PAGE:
Facial recognition has been around for a very long time, however. Wikipedia notes, citing The History of Information Security: a Comprehensive Handbook, that as early as the mid 1960s, people were manually marking facial features on images and using a computer to recognize faces. By the late 90s, multiple universities had made systems that recognized human faces, and were able to identify individuals from imperfect face views.
Around the same time, ImageWare was developing our digital booking platform for law enforcement agencies. Our system wasn’t looking to pick out a known face from a sea of faces in a single photo; it was checking whether the face presented was already in the system or not (matching one face out of many options, or 1:n matching).
This technology was adapted for government use, and by necessity, scaled to handle millions of potential matches. The purpose wasn’t to monitor people’s movements or pick them out of a video of a crowd! Rather, it was to manage use cases such as government ID issuances for employees, or for citizen IDs, like Driver’s Licenses.
Surveillance use of Facial Recognition, on the other hand, is taking a known image of someone, and comparing that to video to try and locate that person. The more concerning uses of active facial recognition for police body cameras, for example, are starting to be banned by various states. Social media use of facial recognition gives many security and privacy professionals pause.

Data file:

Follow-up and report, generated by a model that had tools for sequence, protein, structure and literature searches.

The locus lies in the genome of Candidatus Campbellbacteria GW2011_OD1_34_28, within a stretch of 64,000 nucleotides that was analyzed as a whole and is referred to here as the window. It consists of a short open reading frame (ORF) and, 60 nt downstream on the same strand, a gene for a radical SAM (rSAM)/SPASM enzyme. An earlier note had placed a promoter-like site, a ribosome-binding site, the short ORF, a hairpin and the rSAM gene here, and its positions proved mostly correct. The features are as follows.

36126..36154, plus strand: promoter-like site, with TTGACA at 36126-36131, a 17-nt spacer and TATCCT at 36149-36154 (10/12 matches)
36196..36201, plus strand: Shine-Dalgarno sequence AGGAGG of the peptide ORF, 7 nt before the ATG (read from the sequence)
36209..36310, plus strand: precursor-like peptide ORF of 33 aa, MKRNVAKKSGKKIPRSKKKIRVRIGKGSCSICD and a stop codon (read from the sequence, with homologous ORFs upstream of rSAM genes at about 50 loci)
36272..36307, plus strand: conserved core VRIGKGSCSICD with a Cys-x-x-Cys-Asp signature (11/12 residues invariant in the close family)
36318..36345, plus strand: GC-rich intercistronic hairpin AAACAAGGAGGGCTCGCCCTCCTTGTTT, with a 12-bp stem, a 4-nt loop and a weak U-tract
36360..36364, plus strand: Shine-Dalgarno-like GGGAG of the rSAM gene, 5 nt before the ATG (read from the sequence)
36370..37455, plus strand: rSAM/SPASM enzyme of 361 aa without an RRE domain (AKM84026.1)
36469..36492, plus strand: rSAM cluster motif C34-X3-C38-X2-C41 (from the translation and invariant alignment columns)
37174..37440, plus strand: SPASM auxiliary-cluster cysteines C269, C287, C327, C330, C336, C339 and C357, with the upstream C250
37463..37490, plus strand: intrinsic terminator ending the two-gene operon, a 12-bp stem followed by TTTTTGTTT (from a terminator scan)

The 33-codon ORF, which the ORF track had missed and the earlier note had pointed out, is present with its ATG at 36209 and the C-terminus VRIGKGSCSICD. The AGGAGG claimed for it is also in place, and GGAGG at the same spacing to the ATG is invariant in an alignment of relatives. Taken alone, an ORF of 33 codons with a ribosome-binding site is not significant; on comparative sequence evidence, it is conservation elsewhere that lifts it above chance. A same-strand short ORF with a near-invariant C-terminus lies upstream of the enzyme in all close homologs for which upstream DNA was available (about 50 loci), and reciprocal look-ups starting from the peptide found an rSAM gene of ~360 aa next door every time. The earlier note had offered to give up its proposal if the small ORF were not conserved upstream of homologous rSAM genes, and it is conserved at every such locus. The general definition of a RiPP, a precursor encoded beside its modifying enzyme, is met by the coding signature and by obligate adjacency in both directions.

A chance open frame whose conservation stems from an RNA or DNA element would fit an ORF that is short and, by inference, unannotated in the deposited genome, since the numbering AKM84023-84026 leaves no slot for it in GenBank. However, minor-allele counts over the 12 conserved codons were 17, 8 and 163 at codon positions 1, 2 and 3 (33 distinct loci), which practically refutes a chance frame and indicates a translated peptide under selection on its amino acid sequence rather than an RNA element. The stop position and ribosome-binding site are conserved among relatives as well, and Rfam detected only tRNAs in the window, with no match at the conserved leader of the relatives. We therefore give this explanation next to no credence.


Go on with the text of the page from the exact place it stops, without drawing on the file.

In recent years, FaceApp came under scrutiny as it was harvesting metadata about facial images, and with the company being based in Russia, there were deep suspicions about how that data was used.
These examples are not what a privacy-minded application of facial recognition for user authentication does.
How Biometrics Fit Into the Access Management Process
We can’t speak for other authentication providers, but the way ImageWare handles all of our biometric algorithms is to match the mathematical representation of a biometric data point to another data point in the repository. Generally, there’s a process for allowing users into a system, and biometrics are well suited to be a secure part of that.
Going back to our three step process, the way biometrics are used in an authentication flow is (roughly) as follows:
1: Identification - You identify yourself to the system. “Hi, system, I’m User Erlich Bachman. May I come in?”
2: Authentication - System says “Yes, Erlich Bachman is a user here. Let me check if you’re really Mister Erlich.” System kicks on the designated sensor - say, your laptop’s built in webcam.